In the “Post-War Flux: Analysing the Fluctuation of Relationships Between Taiwan-Japan in the Post-war Period,” I pointed out that the possibility of a peaceful settlement about the cross-Strait relations has diminished; in the meantime, the US deterrence toward mainland China has been relatively weakened compared to the Korean War period, and Taiwan is facing the most dangerous international environment for security since the Korean War.
Nowadays, the US remains the world’s leading superpower. Till now, Japan has been enacting Article 9 of the Japanese Constitution, which stipulates the renunciation of war and the non-retention of military force, on the premise that the UN would protect the international order after World War II. Even though the premise collapsed by the Cold War between the US and the Soviet Union, Japan has been rather slow in responding to security policy issues. But surrounded by North Korea and China since the 1990s, Japan is starting to adjust its security policy, including considering developing the counterstrike capability in 2022. As for Taiwan itself, the national defence has been well developed, ranking 23rd in the 2023 world military power ranking. From the Ukraine conflict, we learn that although mainland China has overwhelming military power over Taiwan, the invasion of Taiwan may not go smoothly.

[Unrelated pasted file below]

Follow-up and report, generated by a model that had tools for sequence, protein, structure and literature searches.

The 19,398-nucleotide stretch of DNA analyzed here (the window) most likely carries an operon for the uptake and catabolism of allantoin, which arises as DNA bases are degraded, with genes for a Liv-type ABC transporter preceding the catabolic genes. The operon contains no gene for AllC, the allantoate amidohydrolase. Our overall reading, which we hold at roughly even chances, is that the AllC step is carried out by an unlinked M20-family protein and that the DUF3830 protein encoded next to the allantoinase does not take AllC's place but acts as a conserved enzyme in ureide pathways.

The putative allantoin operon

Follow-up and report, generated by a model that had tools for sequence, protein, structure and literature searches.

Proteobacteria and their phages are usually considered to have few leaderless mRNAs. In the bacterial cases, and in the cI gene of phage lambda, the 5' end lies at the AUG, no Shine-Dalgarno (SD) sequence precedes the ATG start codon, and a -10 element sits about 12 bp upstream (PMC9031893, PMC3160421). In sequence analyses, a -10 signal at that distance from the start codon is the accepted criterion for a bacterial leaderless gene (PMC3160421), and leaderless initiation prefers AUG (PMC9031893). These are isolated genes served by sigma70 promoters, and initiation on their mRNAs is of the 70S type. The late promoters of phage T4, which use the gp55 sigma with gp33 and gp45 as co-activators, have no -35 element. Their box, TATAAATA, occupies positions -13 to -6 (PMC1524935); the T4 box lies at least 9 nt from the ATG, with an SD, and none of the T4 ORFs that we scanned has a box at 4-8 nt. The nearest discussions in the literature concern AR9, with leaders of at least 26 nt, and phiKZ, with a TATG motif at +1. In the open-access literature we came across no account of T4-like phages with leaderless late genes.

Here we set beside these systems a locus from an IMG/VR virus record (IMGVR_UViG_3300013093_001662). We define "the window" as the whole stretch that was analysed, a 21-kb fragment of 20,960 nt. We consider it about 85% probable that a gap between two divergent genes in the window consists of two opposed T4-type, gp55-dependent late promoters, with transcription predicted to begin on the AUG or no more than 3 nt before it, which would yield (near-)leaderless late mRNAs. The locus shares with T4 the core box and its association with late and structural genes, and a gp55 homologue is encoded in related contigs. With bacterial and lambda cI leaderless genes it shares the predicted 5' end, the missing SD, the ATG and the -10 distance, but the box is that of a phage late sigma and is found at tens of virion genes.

Therefore, it is important to note that China desperately wants to promote cross-Strait interactions through political and military means and through exchanges and culture, as shown in Xi Jinping’s aforementioned statements. That is why the contemporary definition of ‘power’ in international relations theory includes political, military, and economic dimensions and social and cultural fields. ‘Soft power’ precisely means the ability to shape the preferences of others through appeal and attraction.